AuthorWilkins, George A.
AffiliationNaval Ocean Systems Center Hawaii Laboratory
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RightsCopyright © International Foundation for Telemetering
Collection InformationProceedings from the International Telemetering Conference are made available by the International Foundation for Telemetering and the University of Arizona Libraries. Visit http://www.telemetry.org/index.php/contact-us if you have questions about items in this collection.
AbstractDesign theory and analyses are presented for a transoceanic, electro-optical ( E-O), telemetry cable which---because its data, power and tensile functions can be separately optimized---has a very small diameter and transport volume. These reductions are achieved with no compromises of operational or material constraints on the telemetry system. For example, an ocean E-O cable which can directly support repeatered, multi-fiber telemetry between Japan and the United States will have a diameter less than 0.75 cm. Its transport volume will be barely 5% of that required for the smallest coaxial cable (SD List 1 with a 3.18-cm diameter) now being used in transoceanic communications. A cable design is demonstrated for a set of system parameters which define a 5550-kmlong “baseline” communications system. The study evaluates that system’s sensitivity to changes in such system parameters as length, repeater power and separation, water depth and safety factor, cable specific gravity, dielectric voltage stress, conductor conductivity, and the failure- or yield strains of loadbearing components. It is concluded that the cable should be relatively inexpensive. Its design can be tailored for specific applications with little change in manufacturing complexity or cost. The cost and risk of ocean deployment should be considerably reduced, since small ships can be loaded with ocean-crossing lengths of this miniature E-O cable.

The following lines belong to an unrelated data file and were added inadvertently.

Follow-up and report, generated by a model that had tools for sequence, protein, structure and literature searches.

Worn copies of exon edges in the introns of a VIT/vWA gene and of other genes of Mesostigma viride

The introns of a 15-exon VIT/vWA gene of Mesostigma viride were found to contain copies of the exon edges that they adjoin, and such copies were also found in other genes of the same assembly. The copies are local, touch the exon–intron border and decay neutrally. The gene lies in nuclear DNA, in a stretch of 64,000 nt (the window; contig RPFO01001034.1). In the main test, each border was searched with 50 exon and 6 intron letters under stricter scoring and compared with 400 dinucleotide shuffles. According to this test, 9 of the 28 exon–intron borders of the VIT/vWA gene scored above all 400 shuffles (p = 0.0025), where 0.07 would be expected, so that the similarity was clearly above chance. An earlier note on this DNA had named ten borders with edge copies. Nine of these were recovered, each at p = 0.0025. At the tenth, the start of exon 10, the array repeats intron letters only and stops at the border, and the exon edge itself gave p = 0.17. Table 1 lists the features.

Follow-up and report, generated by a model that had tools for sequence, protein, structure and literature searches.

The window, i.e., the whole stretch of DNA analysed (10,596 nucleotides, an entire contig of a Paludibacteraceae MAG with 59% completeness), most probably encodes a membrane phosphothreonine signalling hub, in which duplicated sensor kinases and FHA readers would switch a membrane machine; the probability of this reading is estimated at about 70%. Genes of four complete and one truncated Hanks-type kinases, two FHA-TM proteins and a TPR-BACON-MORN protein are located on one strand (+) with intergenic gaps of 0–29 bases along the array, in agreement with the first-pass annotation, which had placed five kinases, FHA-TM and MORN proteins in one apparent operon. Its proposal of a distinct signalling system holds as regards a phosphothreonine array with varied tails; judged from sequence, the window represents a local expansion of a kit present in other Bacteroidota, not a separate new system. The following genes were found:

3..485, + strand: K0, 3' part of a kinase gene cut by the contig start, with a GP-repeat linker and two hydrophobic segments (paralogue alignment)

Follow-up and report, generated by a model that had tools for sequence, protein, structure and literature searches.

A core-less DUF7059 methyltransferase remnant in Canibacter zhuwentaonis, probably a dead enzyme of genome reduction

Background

SponsorsInternational Foundation for Telemetering